“It’s not. If alarms were triggered at every sight of flame the tubes would barely run.”

“Don’t be stupid. Fires hardly ever break out. There’s barely any fuel for a start.”

“Actually you’re wrong. You’ve been sold a lie. Don’t feel bad; most people bought it. Fires aren’t just common, they’re constant. Have you ever noticed how hot it gets in the tunnels? You really think that’s down to body heat and crap ventilation? Fire my friend. Believe. They won’t tell you because it would bring the country to its knees. London is burning or, at least, London is being slowly barbequed. Fifty metres below the tube at most points there are further tunnels, miles and miles of them laid by kings and emperors, cardinals, masons and crooks. The ground below us is hollow as honeycomb, and burning. The Great Fire my friend, the Great Fire was never extinguished. Short of flooding the whole damn place there is nothing to be done. The powers that be made a decision: Funnel most of the fumes into the Channel and keep mum. The powers that be? I wouldn’t know that mate. I’m not the type to speculate.”

Sunday, 2 October 2011

Timely Escape Mob

Across the city, past the cathedrals to authority and the chapels to oblivion, across the tame river and under the arches of an abandoned bridge left to the nightwalkers and the nocturnals denisons of the city a lone guitarist bashed out a few rudimentary chords to entertain his watchers. He felt for them. He really did.

The front of the house, anonymous and unmarked, crumbled in pace with London's dynasties. It had witnessed court cases, beheadings and coups, or so it claimed to the casual passer by. It suggested weight and history and intrigue and importance, certainly to the watchers. They reclined against the doors in their own daydreams, awaiting an aural prompt from headphones, awaiting an answer. What they got instead was a timid, counterfeit reggae.

"We, oh, we set the world alight
To set, set, set all our people right
And the righteous fight
Was always on our side.

When, oh, when the cry it sounds
We'll be here and all around
And we'll hold our ground
No I, no I, no I will never run and hide.
I'll never run and hide.
I'll never run and hide."

The voice was something of an enigma. The figure they watched entering and leaving, day after day, was substantial. The voice was fragile, vulnerable. It spoke of uncertainty. The body spoke in strength. The voice spoke in cliche, the body in stereotype. Still they sat, awaiting answers.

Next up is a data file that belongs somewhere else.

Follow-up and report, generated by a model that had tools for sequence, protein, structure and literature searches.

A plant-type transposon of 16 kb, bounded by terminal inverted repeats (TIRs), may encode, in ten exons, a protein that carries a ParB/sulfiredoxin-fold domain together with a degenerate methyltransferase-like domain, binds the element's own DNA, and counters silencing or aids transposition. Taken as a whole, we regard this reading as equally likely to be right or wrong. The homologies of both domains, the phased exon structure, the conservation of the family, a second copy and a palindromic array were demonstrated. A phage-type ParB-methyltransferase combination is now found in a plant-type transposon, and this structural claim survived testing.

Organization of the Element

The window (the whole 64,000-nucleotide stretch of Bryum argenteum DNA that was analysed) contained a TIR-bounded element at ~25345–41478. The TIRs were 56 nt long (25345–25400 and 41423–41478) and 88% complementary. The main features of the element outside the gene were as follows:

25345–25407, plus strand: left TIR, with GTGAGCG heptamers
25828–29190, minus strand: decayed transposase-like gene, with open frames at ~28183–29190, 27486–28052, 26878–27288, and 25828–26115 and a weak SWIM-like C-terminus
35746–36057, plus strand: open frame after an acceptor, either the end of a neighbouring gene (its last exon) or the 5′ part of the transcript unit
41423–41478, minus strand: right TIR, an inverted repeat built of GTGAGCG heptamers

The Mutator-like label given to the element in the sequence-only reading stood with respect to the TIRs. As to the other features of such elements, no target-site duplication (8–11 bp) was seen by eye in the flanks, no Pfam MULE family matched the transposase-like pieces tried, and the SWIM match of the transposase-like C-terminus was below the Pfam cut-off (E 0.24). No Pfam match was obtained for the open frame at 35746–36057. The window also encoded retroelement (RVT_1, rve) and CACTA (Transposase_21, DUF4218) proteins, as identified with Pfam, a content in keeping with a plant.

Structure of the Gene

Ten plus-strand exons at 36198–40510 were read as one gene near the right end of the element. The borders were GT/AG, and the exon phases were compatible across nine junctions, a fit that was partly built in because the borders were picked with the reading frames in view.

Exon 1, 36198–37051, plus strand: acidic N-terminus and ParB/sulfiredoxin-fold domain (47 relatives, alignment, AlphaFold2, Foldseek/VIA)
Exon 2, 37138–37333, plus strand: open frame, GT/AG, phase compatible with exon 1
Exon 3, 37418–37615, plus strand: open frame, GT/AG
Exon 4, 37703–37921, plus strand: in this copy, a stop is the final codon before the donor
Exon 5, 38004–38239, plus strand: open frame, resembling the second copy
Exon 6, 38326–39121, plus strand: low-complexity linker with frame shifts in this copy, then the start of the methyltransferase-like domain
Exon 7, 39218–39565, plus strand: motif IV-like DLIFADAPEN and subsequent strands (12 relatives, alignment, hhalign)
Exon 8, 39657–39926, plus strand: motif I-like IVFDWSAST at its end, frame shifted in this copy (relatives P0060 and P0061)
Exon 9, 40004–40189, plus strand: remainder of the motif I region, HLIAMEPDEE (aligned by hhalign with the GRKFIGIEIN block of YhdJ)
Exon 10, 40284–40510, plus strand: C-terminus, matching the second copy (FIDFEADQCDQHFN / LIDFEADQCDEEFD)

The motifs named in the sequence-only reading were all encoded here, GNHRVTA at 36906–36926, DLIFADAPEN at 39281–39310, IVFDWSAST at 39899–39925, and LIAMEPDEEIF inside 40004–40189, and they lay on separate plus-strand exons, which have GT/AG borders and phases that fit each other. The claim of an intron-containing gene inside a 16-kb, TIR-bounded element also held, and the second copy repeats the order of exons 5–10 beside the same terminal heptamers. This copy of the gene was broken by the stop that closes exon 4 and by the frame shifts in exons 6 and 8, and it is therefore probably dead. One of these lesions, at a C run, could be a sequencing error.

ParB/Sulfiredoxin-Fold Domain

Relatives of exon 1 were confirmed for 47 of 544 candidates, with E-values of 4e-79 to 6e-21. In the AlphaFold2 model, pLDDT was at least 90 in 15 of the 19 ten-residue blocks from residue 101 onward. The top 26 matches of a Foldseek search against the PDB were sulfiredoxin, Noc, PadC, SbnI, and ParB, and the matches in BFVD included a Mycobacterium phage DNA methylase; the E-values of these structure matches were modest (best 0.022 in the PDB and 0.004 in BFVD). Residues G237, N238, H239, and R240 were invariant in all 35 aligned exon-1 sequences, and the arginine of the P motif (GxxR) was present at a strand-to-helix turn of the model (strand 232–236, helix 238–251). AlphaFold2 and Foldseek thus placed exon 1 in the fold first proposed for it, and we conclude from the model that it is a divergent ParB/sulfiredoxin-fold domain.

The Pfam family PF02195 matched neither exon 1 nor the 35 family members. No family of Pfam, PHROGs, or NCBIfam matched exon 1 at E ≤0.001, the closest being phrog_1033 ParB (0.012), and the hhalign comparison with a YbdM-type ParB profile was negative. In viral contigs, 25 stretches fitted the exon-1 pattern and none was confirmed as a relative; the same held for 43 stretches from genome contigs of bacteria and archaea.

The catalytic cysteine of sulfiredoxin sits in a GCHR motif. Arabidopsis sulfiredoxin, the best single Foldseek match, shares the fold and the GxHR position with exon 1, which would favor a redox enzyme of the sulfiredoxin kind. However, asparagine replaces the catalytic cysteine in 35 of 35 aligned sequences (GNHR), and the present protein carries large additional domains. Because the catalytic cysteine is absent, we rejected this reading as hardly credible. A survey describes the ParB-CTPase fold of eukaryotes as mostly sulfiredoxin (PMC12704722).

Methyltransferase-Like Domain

Saturday, 1 October 2011

Meagre Front

Not every speaker on that corner of Hyde Park could claim such pedigree as William S. Simpson. Born of a wrestler and of royalty he was blessed with power and bearing. No straighter back in all Knightsbridge. He was also gifted with a rare charisma; rare, that is, down his bloodline. The Simpsons traditionally bought in their personality while the Craddocks spoke in action.

"I met a girl" was how, typically, his monologues began. This would be followed by a brief summary of the wooing process or 'preliminaries', not in a country and western way of course; his monologues were unambiguously about William S. Simpson, every girl a MacGuffin.

The preliminaries successful, a flaw in the situation would be rapidly revealed and a future terminated, William S. Simpson to emerge wiser and stronger. A monologue might end:

"When wit alone remains, the devil has taken the reigns. One must wrestle them back."

"Far be it for me to pander, ever."

"Slander may be smuggled."

"When a throne is proffered, one must sit or request a better throne."

William S. Simpson stood alone on an upturned milk crate decorated with the faded stickers of long forgotten bands with names like Sucker, Children of Mother and Collapse. His hands were clasped behind his back and his eyes angled above the skyline of Park Lane